Old 02-17-2010, 11:01 AM
Dino_Pizza's Avatar
Il Pizzaiolo
Join Date: Feb 2008
Location: Northridge, CA
Posts: 1,017
Default Re: Dry stack vs Mortar stack

Oooh, fun subject. During the '94 quake my entire 3 sides of yards perimeter block wall cracked at the base and fell over in whole chunks or crumbled. So, I (over) built and put rebar sticking out of my ovens base into the blocks and did a bond beam at the top.

If I didn't live in earthquake country, I'd still put steel in the 4 corners, maybe 1-2 more. You'll know exactly where your cmu's will be when you place your perimeter forms.

Another good reason to dry-stack is you only have to truly level your base slab. Then just stack the block. AND if you are a fraction off by the time you're at your top final row, you still have the oven base to pour that's your last chance for a really flat oven base. It was surprisingly easy for this novice, me.
"Life is a banquet and most poor sons-of-bitches are starving to death." -Auntie Mame

View My Picasa Web Album UPDATED oct

To view links or images in signatures your post count must be 0 or greater. You currently have 0 posts.

My Oven Costs Spreadsheet

To view links or images in signatures your post count must be 0 or greater. You currently have 0 posts.

My Oven Thread

To view links or images in signatures your post count must be 0 or greater. You currently have 0 posts.
Reply With Quote
Old 02-18-2010, 02:49 AM
david s's Avatar
Il Pizzaiolo
Join Date: Mar 2007
Location: Townsville, Nth Queensland,Australia
Posts: 5,077
Default Re: Dry stack vs Mortar stack

For those who are scared about laying blocks, you can use adhesive, like liquid nails, for masonary. Filling the block cavities creates the required strength.
Reply With Quote
Old 02-18-2010, 10:17 AM
Master Builder
Join Date: Mar 2008
Location: Washington State USA
Posts: 802
Default Re: Dry stack vs Mortar stack

I dry stacked my cement blocks and glued together with subfloor adhesive. Of course the is always the problem with the design of the blocks, they are designed to have a mortar line and so two of the width of 8x16 blocks is less than the length of one block. This makes for a gap when dry stacked. The advantage to me of using subfloor adhesive was that if I accidentially bumped the structure which pouring the infill it wouldn't move out of position.

As a bizarre aside: About 20 years ago I was offered a cement block maker from the fellow from whom I purchased my cement mixer. As it was free and looked cool I took it. In case one has never seen such a contraption it is a manually operated machine for making cement blocks one at a time. It has a mold for the block which one fills from the top and when filled and suitably compacted one pulls a lever and the plugs for the holes are pulled downward and out of the block. Then releasing a bail and the sides fold down. Pulling another lever and the block is rotated toward the operator to rest on its side. The block is then removed from the machine to set aside to cure. Another piece of wood (which forms one side of the block mold) is inserted and the whole process repeated. Very third world but I found it cool in a Rube Goldberg sort of way.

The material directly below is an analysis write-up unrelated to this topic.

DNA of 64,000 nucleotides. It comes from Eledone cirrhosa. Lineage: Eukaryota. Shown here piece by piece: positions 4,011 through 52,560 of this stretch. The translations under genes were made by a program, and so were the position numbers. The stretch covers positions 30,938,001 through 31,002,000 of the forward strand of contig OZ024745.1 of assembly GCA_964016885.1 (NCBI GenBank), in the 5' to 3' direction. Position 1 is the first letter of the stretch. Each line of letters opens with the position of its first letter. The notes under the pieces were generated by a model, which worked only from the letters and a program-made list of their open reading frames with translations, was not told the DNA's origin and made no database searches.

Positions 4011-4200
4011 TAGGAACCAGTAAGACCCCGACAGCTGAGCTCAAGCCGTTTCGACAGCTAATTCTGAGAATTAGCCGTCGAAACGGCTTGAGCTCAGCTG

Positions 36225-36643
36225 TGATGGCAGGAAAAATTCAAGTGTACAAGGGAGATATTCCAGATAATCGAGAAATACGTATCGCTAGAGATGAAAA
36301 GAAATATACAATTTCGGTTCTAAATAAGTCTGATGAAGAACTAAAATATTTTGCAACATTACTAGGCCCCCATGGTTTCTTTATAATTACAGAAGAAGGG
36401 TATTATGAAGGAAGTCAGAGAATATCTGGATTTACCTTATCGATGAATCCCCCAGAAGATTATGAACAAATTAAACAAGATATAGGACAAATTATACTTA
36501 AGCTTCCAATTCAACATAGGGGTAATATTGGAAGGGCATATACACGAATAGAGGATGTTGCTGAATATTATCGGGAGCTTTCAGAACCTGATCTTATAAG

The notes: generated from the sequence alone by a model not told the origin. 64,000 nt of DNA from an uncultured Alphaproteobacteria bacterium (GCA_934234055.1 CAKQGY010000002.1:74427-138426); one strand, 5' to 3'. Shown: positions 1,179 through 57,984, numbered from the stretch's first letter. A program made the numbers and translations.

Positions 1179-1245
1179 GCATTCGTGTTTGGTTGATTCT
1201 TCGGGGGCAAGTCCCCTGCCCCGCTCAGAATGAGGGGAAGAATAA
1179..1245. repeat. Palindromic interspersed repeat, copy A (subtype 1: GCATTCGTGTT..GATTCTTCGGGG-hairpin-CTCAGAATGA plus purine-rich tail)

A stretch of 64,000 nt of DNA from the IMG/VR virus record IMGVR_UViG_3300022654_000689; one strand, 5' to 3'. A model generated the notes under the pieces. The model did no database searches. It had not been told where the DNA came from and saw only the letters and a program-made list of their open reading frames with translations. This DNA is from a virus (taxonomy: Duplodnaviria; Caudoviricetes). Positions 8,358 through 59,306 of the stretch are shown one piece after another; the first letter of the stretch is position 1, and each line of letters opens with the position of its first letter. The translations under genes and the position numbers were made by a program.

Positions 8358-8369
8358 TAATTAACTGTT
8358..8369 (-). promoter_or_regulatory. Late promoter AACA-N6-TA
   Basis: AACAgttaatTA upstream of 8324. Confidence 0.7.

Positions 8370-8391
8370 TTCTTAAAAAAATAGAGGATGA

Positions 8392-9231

The mold is adjustable in many different ways and has inserts to make both stretcher and ender blocks or a combination, one end stretcher and one ender. One could also adjust the length of the blocks such that when dry stacked there would be no gap. I always had the idea that it would be great to make wedges for the ends so that one could produce a trapazoidal block. With such a block one could theoretically make a serpentine structure having two rooms and only one wall. One could even build a small diameter tower. And as one side of the block form was a board one could cast a curve in the outside of the block making for a smooth cylinder tower or base for a pizza oven. I have been told that at one time it was possible to purchase molded boards for the side which then gave the blocks the look of cut stone. A creative person could make walls with images or patterns cast in relief.

But alas, I have never found the time to experiment with the machine. However, I just checked the machine and it still works and with a few hours work it could easily be cleaned up to start producing blocks. New boards are needed. So an offer to anyone within reasonable driving distance of where I live in Western Washigton: if you would like to borrow this machine and make your own blocks send me a PM and we can talk. It produces what is commonly called Eastern Blocks, they have three holes. And yes, I have a formula/recipe for the mix and the machine has a divider so it can make two half blocks. It's about the size of a small cement mixer and is a two man carry.

Reply With Quote

Thread Tools
Display Modes

Posting Rules
You may not post new threads
You may not post replies
You may not post attachments
You may not edit your posts

BB code is On
Smilies are On
[IMG] code is On
HTML code is Off
Trackbacks are On
Pingbacks are On
Refbacks are On

Similar Threads
Thread Thread Starter Forum Replies Last Post
High Heat Mortar Primer james Getting Started 88 04-29-2015 08:36 PM
What is the best oven mortar mixture for the bricks in the dome? shingletown paul Newbie Forum 0 11-30-2009 02:17 PM
How thick a mortar gap with "horizontal" soldiers? kebwi Tools, Tips and Techniques 6 11-05-2009 08:02 AM
Maximum mortar joint on inner oven surface? kebwi Pompeii Oven Construction 17 10-27-2009 06:11 PM
Fire Mortar vs. Refax Refractory Mortar southpaw Pompeii Oven Construction 4 04-07-2007 05:02 AM

All times are GMT -7. The time now is 03:59 AM.

Powered by vBulletin® Copyright ©2000 - 2015, Jelsoft Enterprises Ltd.
Search Engine Friendly URLs by vBSEO 3.6.0
© 2006/10 Forno Bravo, LLC